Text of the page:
Sarah Radcliffe: A future NHS that meets the needs of people living with HIV

sarah_radcliffeWhat does it mean to describe HIV as a long-term condition (LTC)? It has become common terminology in policy and media discussions, but the use of this phrase within NHS commissioning can still make some people living with HIV and some specialist clinicians uneasy.

The unease stems mainly from the concern that calling HIV a LTC may imply it is less serious or a less complex condition now that treatment is available. But many long-term conditions are serious and can cause serious illness in the absence of treatment. HIV will not for the vast majority of people require hospital admission, but it continues to be a complex condition that will need specialist clinical input into the foreseeable future. There are of course specificities around HIV, not least that it remains a stigmatised condition. The impact of stigma, however, is a consideration for how the NHS should meet the LTC support needs of people living with HIV—not a reason against framing HIV in these terms.

What people living with HIV need now is for the NHS in England to follow through on its promise, made in the Five Year Forward View (5YFV), of a future health service which is based on person-centred care for people with long-term health conditions.

Earlier this year, NAT held a national conference on HIV in the Future NHS and have now launched a major policy report on the same topic.  The report considers the opportunities presented by the 5YFV New Models of Care and by Sustainability and Transformation Plans (STPs)—but also the significant commitment required at a local level in order to overcome barriers to care and meet the long-term condition support needs of people living with HIV.

Specialist treatment and care services provided by HIV clinics in England of an exceptionally and consistently high standard. 96% of people living with diagnosed HIV are accessing antiretroviral treatment and of those on treatment, 94% had achieved viral load suppression. These outcomes apply equally regardless of ethnicity, gender and route of HIV acquisition.

Life with HIV is more than antiretroviral treatment, however, and the future NHS can do more to support the wellbeing of people living with HIV. HIV is associated with a range of other conditions, some of which are also long-term. Two-thirds of respondents to the Positive Voices study of people accessing HIV care in England and Wales reported having at least one long-term condition other than HIV, increasing to three-quarters of respondents aged over 50.1 One in three people accessing HIV care in the UK are now aged 50 or over.2 The prevalence of psychological and psychiatric problems among people living with HIV is substantially higher than in the general population.3

HIV clinics cannot meet all health needs in-house, but shared care with primary care remains far less the norm than it is for other complex LTCs. The experience of patient ‘ping-pong’ between GP and HIV clinic, where each believes the other is best-placed to provide a specific aspect of treatment or care, is well known and a range of clinician-led initiatives are aiming to reduce its impact. When combined with a chronic shortage of GP appointments on the one hand, and less-frequent routine HIV monitoring appointments on the other, however, being ‘ping-ponged’ between clinic and GP becomes less of an annoyance and more of a serious risk to care.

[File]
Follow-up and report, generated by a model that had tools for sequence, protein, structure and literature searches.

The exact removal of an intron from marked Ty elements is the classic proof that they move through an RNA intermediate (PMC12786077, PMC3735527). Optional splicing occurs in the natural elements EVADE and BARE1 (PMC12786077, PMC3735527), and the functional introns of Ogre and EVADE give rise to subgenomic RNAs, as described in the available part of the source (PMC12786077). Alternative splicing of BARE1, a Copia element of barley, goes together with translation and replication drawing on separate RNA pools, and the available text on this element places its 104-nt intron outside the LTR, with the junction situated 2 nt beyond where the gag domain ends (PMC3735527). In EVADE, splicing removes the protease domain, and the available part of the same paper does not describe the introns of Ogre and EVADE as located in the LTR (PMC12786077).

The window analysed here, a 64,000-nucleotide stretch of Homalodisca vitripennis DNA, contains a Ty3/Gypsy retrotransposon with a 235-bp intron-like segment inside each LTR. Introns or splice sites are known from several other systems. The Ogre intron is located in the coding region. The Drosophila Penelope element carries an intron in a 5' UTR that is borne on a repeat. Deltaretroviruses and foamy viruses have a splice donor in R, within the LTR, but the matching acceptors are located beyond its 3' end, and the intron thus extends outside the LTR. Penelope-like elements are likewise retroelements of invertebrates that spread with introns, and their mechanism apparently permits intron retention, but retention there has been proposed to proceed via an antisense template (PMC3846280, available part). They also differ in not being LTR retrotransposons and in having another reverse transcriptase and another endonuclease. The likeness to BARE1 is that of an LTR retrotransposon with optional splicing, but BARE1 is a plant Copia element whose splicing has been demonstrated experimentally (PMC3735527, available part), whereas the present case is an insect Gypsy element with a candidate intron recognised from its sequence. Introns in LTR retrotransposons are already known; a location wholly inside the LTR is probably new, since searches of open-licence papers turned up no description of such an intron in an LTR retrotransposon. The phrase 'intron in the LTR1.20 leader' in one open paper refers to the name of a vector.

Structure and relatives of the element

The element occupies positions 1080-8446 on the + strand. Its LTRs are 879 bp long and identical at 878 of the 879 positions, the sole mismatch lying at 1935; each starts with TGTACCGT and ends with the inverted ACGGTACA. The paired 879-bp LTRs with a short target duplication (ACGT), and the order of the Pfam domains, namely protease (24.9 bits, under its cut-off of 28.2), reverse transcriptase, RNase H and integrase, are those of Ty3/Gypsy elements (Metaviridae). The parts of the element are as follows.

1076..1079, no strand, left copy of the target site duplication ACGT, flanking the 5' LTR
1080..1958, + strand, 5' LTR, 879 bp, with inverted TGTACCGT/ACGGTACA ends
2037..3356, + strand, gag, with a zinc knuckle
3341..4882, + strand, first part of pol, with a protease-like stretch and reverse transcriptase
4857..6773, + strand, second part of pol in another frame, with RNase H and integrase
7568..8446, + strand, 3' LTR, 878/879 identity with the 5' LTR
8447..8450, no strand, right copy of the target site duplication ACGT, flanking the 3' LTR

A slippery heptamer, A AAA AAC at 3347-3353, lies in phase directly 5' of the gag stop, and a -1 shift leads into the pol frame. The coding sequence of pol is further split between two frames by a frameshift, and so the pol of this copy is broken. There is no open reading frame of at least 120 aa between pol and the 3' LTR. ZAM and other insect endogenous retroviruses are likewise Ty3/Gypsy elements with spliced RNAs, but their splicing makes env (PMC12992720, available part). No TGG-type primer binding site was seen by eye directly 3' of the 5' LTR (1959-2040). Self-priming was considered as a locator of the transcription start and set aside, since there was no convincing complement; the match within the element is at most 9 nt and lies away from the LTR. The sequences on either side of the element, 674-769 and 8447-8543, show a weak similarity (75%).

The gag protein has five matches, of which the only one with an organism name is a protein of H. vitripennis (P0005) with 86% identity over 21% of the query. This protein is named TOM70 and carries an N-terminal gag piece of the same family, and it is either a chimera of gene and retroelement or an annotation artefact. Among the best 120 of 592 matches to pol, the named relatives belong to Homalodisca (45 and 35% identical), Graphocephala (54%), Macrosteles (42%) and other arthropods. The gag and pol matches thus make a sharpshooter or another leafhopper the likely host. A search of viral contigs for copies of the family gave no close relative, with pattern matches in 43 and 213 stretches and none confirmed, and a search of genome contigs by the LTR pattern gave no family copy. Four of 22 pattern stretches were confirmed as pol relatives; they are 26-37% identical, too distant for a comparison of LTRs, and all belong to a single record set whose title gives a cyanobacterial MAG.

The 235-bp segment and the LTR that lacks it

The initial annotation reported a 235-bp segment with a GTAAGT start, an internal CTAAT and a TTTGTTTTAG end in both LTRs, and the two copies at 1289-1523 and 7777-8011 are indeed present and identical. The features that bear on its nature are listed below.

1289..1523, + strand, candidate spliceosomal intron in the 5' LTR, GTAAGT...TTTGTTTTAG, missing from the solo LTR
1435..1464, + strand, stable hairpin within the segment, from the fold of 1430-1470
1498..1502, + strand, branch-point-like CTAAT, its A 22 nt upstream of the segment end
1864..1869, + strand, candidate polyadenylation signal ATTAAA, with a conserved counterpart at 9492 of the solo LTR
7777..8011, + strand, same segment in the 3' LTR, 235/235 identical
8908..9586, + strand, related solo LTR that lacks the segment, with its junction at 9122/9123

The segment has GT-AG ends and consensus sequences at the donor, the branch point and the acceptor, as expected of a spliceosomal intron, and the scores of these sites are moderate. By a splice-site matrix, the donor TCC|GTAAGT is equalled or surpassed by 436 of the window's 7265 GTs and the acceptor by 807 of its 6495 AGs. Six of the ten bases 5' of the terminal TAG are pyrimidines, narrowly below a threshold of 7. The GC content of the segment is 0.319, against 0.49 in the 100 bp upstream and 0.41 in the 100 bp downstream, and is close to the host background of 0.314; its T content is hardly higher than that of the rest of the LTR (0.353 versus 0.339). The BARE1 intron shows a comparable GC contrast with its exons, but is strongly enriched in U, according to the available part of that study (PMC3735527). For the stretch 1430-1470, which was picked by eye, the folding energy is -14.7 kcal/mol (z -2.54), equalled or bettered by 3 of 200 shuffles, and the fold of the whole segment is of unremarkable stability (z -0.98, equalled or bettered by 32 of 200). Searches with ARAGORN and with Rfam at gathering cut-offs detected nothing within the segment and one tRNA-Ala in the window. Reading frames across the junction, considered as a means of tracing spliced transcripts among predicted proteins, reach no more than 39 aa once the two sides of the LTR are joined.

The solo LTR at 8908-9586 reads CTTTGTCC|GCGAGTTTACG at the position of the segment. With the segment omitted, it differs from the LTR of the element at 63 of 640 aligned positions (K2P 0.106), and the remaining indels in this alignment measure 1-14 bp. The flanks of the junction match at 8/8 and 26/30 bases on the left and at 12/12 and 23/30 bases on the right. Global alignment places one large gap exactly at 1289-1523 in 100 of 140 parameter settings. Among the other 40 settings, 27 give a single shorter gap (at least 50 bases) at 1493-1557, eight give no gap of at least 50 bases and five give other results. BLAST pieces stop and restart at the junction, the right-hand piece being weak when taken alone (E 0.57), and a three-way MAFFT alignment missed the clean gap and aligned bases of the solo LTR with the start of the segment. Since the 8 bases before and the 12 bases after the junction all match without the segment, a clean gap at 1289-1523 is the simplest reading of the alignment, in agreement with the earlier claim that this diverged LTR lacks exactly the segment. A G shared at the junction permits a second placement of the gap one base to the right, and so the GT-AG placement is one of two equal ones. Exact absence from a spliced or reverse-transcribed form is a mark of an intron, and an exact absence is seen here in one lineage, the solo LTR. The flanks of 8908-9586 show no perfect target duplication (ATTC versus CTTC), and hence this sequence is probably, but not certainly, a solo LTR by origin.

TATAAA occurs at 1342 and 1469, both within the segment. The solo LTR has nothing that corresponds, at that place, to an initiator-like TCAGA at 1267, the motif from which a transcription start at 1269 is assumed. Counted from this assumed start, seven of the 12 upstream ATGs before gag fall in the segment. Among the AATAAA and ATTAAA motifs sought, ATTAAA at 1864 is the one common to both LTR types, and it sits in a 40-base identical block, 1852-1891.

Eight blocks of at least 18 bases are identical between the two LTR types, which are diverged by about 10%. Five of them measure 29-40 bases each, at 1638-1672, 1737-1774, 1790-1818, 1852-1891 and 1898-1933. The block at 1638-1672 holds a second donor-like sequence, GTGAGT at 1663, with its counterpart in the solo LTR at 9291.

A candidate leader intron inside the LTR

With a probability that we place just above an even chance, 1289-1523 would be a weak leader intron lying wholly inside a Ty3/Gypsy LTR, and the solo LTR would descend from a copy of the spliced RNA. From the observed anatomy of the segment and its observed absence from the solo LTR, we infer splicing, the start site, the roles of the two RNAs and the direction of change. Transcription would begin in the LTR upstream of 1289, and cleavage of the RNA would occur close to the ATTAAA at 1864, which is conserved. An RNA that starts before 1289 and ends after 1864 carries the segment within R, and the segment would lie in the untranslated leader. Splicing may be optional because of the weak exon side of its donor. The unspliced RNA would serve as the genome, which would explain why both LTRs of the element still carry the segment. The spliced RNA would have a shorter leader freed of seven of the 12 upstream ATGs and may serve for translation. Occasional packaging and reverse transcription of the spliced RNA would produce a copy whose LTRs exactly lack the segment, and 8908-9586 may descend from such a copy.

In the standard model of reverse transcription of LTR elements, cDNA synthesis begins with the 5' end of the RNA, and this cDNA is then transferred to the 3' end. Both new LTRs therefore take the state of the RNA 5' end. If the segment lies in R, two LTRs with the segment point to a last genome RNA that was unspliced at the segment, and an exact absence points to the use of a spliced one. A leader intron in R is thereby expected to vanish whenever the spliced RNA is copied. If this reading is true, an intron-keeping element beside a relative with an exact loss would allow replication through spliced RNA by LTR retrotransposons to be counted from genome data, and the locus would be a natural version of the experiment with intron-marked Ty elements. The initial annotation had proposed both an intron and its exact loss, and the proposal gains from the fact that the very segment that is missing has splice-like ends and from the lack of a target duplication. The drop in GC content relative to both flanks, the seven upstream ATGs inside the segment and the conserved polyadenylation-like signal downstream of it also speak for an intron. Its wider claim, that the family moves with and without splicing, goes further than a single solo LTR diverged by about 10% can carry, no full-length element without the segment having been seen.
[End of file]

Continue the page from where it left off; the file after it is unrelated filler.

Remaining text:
STPs and new place-based models of care promise to overcome organisational barriers to provide LTC services which wrap around the individual.  This is challenging enough for most specialised services, with cooperation from CCGs, NHS England national and regional commissioners. In the case of HIV, where specialist services are historically embedded with local authority-commissioned sexual health clinics, effective new models and STPs will also need to draw in clinical services which are provided outside of the NHS.

HIV services have an impressive history and ongoing practice of innovation in holistic care, peer support and self-management—all of which feature heavily in current discussions about the future NHS. HIV should therefore be the perfect case study for what NHS England wants to achieve for long-term condition management: spanning prevention, specialist care, psychological and social support. This is exactly the territory which STPs should be covering. It is time to move away from a narrow focus on the fundamentals of primary prevention, testing, and specialist medication, and shape a future NHS that is fit for the long-term needs of everyone living with HIV.

Sarah Radcliffe is Senior Policy and Campaigns Manager at NAT (National AIDS Trust).  NAT is the UK’s HIV policy charity.

Competing interests: The HIV in the Future NHS conference and report was supported by grants from Gilead Sciences and Viiv Healthcare.


  1. M Kall et al. ‘Self-reported prevalence of co-morbidities and use of non-HIV related medications among people living with HIV in England and Wales: results from the Positive Voices survey’. Abstract presented to the 15th European AIDS Conference. Barcelona, Spain; October 21-24 2015.
  2. Public Health England. 2016. HIV diagnoses, late diagnoses and numbers accessing treatment and care. October 2016.
  3. BPS/BHIVA/MEDFASH. Standards for Psychological Support for People Living with HIV.